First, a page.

1. Build up your sleep drive through sleep restriction.

    Work to make yourself tired by limiting your time in bed with sleep restriction. Avoid naps that may diminish your ability to sleep at night. Do not sleep in divided periods. If you find you cannot sleep, do not allow yourself prolonged wakefulness in bed, but observe stimulus control. These interventions can increase the quality of your sleep.

  2. Respect your circadian rhythm, and sleep at the right time for you.

    Acknowledge your body’s desired timing of sleep. If you are a night owl, don’t go to bed too early and lie awake. If you wake early, allow yourself adequate sleep time by going to bed early as well. There are ways to adjust the timing of your sleep, but start by sleeping when your body desires.

  3. Avoid triggers that can precipitate insomnia.

    If you can identify the causes of your insomnia, do your best to avoid these triggers. Start by eliminating caffeine, especially after noon. Consider other ways that you may be ruining your sleep. Don’t forget about treating coexisting sleep disorders, as these can also trigger difficulty falling or staying asleep.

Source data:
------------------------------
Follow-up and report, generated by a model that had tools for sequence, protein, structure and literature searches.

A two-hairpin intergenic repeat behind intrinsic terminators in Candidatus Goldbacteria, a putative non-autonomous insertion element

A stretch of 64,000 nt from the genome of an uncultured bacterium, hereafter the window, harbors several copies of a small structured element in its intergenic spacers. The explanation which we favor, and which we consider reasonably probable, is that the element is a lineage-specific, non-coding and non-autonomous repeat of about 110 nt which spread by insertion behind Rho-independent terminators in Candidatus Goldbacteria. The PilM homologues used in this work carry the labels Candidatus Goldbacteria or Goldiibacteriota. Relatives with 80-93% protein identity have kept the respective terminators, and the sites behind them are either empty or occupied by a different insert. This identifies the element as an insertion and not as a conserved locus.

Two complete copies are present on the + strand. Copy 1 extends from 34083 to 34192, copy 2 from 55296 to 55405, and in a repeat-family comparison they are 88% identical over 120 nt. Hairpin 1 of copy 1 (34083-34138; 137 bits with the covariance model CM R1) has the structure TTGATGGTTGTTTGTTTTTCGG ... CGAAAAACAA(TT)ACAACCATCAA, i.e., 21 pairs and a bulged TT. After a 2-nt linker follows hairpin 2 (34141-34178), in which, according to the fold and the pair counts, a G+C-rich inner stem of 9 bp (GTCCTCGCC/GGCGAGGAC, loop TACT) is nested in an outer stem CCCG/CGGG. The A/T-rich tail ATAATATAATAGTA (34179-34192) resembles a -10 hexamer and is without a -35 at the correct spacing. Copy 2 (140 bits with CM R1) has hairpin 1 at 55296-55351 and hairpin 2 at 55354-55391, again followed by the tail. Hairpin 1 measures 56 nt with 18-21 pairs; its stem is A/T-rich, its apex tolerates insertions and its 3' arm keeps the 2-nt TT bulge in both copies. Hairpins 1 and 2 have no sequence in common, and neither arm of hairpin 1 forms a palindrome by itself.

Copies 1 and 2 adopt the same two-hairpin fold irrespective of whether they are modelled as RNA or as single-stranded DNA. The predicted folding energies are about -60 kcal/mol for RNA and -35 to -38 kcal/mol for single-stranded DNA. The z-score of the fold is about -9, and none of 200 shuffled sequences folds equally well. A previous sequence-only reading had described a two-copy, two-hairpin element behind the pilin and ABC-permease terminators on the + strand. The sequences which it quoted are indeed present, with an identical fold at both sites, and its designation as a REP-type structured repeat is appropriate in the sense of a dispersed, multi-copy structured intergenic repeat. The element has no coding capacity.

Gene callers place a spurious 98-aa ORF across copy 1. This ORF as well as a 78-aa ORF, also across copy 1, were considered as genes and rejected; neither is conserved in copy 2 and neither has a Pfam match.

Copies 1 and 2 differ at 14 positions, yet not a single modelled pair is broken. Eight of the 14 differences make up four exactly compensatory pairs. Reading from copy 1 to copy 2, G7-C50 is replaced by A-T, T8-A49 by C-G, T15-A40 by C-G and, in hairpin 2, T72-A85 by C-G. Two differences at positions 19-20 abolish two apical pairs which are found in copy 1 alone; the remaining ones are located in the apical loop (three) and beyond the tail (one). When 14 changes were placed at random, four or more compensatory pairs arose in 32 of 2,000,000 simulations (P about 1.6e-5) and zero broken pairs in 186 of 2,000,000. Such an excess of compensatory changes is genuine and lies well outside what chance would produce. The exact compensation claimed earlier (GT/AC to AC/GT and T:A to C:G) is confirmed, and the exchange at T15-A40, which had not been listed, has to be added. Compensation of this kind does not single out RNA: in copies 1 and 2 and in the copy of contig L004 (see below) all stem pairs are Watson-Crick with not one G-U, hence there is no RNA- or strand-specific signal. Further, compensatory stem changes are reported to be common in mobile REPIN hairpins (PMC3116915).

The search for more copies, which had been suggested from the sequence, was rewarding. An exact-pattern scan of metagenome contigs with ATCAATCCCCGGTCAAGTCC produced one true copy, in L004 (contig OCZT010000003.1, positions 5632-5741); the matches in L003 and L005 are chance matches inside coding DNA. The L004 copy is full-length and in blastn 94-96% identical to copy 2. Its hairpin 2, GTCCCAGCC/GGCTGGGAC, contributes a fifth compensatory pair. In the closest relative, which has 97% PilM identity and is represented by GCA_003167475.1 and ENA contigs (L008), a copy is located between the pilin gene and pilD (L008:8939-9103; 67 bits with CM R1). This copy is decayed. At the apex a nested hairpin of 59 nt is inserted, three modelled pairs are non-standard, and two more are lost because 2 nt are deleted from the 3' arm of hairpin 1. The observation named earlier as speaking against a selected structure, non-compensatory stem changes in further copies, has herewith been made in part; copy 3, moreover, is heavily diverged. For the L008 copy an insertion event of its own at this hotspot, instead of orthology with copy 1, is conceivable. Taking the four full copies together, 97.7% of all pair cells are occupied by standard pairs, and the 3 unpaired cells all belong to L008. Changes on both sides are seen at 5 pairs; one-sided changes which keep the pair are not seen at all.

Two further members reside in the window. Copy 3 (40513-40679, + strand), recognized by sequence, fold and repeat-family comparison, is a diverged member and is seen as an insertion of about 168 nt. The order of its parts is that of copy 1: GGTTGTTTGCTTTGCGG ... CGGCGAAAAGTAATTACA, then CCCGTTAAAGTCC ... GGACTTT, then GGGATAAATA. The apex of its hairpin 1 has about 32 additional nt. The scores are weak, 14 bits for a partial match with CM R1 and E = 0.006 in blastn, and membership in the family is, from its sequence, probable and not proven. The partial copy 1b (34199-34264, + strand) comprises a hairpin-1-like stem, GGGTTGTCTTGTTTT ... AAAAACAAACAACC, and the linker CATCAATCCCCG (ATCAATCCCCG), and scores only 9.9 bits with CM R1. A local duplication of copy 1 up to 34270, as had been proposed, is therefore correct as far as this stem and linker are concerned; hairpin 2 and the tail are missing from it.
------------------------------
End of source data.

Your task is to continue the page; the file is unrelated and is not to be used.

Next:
4. For those with chronic insomnia, seek professional help.

    Finally, if you are suffering from chronic insomnia, lasting more than 3 months, you may need to seek professional help. When insomnia becomes prolonged, it is necessary to pursue other interventions. Sleeping pills may help in the short term, but other treatments are preferred for chronic insomnia. It can be very helpful to address the beliefs, thoughts, and feelings that surround your insomnia with a treatment called cognitive behavioral therapy.

If you suffer from insomnia, start by considering the factors that underlie your difficulty. Then talk with your doctor and if appropriate ask for a referral to a sleep specialist.


Kryger, MH et al. "Principles and Practice of Sleep Medicine." ExpertConsult, 5th edition, 2011.

Spielman AJ et al. "A behavioral perspective on insomnia treatment." Psychiatr Clin North Am. 1987;10(4):541-553.